Breeders Connection 2019: Mohair Man committed to quality for his customers
December 21, 2018
Although his real name is Rick McBride, he prefers to identify with his lifelong avocation: crafting and selling mohair merchandise.
McBride, born in McKinney, Texas in 1955, grew up there. At age 16, he signed up for a half-day school/work program. From among several participating businesses, he chose Action Company, a tack manufacturer. It wasn’t so much a "why" decision as a "why not?" one.
Beginning with lariats, he worked in the shipping/receiving/gift line. Next he was making cinches. Straight out of high school, 18-year-old McBride moved all around Texas, finally locating in Van Alstyne. He’d already mastered making lariats; now it was time to learn all the ropes. He spent the next 25 years in the tiny Texas town, where he co-founded Mustang Manufacturing in October 1982.
There he implemented skills acquired in the mid-1970s working with companies including Action, Potts Longhorn and Billy Cook Saddlery. McBride wanted to provide riders with a natural, superior product.
"Horses built this country," he noted. "Using proper equipment, like that made of mohair, ensures a good life for your buddy, your friend–your horse."
In 1985, too many synthetics (containing PVCs and neoprenes) had infiltrated the tack market, according to McBride. Equipment made of these cheaper materials was affordable but often inferior and environmentally questionable.
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McBride found that mohair, while more expensive, resulted in a far superior product. He prefers its feel and purity.
"In my 46 years in this industry I’ve never seen mohair gall or sore a horse," he says.
But what about other animal fiber? Alpaca, for example, is softer than mohair but it stretches more.
Wool is a shorter fiber, but weaker. So, McBride concentrated on mohair. He began at the source: the goat end of the business.
Twenty-plus years ago, he helped a Mexican company develop machinery and locate raw materials. At the time, there were only two U.S. companies manufacturing mohair cinch cord. McBride said he tried unsuccessfully to buy one of them but they refused, forcing him to look elsewhere. He worried if one of those two companies eventually sold out to one of his competitors he’d be out of business. So, he chose to head south to Guadalajara, invest, and get to work.
Not only did he set up the mohair manufacturing machinery down in Mexico, but he’s an expert on many others. These include leather-sewing machines; twisting machines for rope and cord products; hydraulic presses for cutting dies and embossing plates; straight and round knife cutters; leather skivers, splitters and edges; saddle tree-making machines; and he has a working familiarity with the bit and spur making process.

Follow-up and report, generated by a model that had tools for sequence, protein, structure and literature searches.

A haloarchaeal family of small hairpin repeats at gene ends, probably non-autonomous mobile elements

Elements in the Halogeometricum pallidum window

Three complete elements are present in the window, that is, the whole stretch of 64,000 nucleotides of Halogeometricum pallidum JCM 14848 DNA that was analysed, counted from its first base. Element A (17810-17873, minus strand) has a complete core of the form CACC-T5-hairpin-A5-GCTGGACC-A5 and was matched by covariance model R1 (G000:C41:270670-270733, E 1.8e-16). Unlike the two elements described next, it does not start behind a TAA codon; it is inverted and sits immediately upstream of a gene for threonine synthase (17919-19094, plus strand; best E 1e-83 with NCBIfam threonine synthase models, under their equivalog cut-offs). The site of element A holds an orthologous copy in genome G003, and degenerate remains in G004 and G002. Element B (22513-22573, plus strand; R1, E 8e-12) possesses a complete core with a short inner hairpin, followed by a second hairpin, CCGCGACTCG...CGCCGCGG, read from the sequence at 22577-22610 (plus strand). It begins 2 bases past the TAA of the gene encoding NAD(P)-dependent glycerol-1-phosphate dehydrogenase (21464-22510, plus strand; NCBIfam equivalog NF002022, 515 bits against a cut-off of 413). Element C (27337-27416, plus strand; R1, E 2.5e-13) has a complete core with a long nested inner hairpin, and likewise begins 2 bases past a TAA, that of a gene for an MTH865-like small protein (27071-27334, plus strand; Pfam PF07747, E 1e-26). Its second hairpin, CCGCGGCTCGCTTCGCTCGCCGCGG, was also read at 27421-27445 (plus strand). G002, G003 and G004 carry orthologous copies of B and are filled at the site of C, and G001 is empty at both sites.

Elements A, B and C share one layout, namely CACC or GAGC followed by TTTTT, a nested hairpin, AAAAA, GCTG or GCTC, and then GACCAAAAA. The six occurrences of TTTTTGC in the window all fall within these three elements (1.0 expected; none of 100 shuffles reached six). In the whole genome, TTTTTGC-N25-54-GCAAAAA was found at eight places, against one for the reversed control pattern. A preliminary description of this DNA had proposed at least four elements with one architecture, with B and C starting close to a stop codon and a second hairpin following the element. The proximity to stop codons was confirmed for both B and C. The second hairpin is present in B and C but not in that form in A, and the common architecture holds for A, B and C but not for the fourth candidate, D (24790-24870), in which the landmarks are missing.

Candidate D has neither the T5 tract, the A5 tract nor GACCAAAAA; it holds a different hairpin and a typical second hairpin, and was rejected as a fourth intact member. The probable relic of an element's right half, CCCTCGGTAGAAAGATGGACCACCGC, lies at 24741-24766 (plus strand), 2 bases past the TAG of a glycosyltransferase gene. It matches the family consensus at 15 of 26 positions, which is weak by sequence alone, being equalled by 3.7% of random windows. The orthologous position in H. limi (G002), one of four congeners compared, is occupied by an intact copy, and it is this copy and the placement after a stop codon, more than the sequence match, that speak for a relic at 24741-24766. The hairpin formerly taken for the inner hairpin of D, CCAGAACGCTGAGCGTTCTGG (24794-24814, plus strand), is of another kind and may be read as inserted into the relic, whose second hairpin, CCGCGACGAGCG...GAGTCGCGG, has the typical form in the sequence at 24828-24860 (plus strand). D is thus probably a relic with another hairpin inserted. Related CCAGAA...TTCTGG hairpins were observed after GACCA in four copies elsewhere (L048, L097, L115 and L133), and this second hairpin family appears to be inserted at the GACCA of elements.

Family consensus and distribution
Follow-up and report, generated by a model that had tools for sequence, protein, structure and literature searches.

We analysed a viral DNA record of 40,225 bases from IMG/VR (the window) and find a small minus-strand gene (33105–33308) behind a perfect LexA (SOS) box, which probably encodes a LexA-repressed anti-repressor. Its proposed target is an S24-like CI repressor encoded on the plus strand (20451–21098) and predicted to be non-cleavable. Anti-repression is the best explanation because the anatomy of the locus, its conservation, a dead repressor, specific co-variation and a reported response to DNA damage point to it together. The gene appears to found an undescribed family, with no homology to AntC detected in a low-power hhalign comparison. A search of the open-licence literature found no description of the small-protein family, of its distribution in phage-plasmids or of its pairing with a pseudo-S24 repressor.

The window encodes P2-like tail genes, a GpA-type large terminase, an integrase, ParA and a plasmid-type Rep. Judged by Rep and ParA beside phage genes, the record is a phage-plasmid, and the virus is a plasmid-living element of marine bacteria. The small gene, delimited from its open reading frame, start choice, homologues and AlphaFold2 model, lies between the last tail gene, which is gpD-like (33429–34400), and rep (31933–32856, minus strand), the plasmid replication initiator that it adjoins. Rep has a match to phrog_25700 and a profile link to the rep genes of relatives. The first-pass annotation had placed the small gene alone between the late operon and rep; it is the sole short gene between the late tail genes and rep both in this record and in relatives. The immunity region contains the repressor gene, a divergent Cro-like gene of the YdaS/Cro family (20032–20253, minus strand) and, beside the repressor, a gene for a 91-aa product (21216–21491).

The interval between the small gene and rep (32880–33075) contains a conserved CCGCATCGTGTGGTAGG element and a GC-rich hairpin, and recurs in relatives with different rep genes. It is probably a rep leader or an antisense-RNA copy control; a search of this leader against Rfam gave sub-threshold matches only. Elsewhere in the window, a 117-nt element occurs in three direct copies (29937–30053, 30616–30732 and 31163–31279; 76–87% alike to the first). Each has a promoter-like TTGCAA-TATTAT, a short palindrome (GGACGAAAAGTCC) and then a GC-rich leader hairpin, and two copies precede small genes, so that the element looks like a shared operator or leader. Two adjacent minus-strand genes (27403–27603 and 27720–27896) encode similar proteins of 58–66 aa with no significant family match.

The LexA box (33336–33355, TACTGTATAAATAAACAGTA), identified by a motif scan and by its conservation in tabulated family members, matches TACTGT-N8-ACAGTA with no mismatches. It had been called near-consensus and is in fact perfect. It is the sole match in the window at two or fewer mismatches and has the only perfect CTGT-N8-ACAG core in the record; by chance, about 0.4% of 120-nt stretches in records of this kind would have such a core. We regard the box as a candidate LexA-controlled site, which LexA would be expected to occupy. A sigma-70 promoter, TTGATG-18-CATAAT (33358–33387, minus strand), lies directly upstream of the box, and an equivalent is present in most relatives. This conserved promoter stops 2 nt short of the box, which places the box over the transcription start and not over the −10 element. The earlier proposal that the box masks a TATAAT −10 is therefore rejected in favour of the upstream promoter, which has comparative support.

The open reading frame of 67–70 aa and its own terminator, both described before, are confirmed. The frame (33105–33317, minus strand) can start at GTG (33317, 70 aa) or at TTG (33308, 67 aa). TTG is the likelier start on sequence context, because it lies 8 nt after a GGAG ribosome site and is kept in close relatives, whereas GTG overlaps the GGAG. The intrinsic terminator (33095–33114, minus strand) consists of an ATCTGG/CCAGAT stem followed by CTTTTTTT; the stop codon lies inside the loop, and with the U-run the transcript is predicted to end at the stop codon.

McBride said most mohair originates in South Africa, which is shipped to the U.S. (or Mexico) for processing. Slivers, which are inch-and-a-half strings, are then produced for use in mohair work.
It’s difficult to picture fiber that short ultimately becoming cinches and breast collars. How much does it take? McBride tallied up that approximately 1000 pounds of mohair is required to turn out 1,500 cinches. When he owned Mustang (he sold it 13 years ago), the company manufactured 2,500 cinches every week, using nearly a ton of goat hair.
A lot of travel has monopolized McBride’s life recently as he demonstrated at one trade show after another. He estimated he's put on 40,000 miles a year for the past four years. Among his many stops have been Equine Affaire, Quarter Horse Congress, High School Rodeo Finals and Wrangler National Finals Rodeo.
McBride took a little time away from trade show road-running to build 18 houses for family and friends (and did a bit of flipping as well). Some wouldn’t call such high-energy activity a rest, but he remarked that he has "always liked building stuff."
Although he enjoyed displaying his handmade talents across the country, he’s decided it’s time to spend a little more time at home fashioning product. Plus, there are those nine grandchildren and one great-grandchild to dote on.
McBride’s current wholesale company is USA Direct Equine, retailing under the name Horse Tack Warehouse, both of which include a complete line of tack and other equine equipment. Beginning in 2019, he hopes to concentrate mainly on his mohair line.
McBride mostly creates one-of-a-kind items. He’s never had a complaint over the past four years of this custom work. If a customer wants something changed, he’ll start completely over if necessary.
It’s said that time is money. His investment costs by clock hands, therefore, can be high. A custom girth generally takes McBride three to four hours, which is pretty fast for the industry, because of his experience. Generic patterns are repetitious, hence cheaper. If a ranch brand or initials are added, the price is a bit higher.
"Mohair Man" has an eye for design and is an adroit braider. He creates cinches and girths for Western, English, minis, drafts, and pack animals.
The quality he's known for and committed to includes a stainless steel roller buckle set, and a completely custom option for the equipment. Customers can select from a wide color palette— dark brown to hot pink to turquoise to red to deep purple, and most every hue between. McBride personally dyes all natural-colored Angora fiber to custom-make his colors.
Over the decades and into the present, McBride’s handiwork has made it onto prominent store shelves and into trainers’ arenas. Just a few of his better-known customers are saddle manufacturers Larry Coats and Billy Cook, Lynn McKinzie, Tucker Saddlery, Martha Josey andWeaver Leather Company.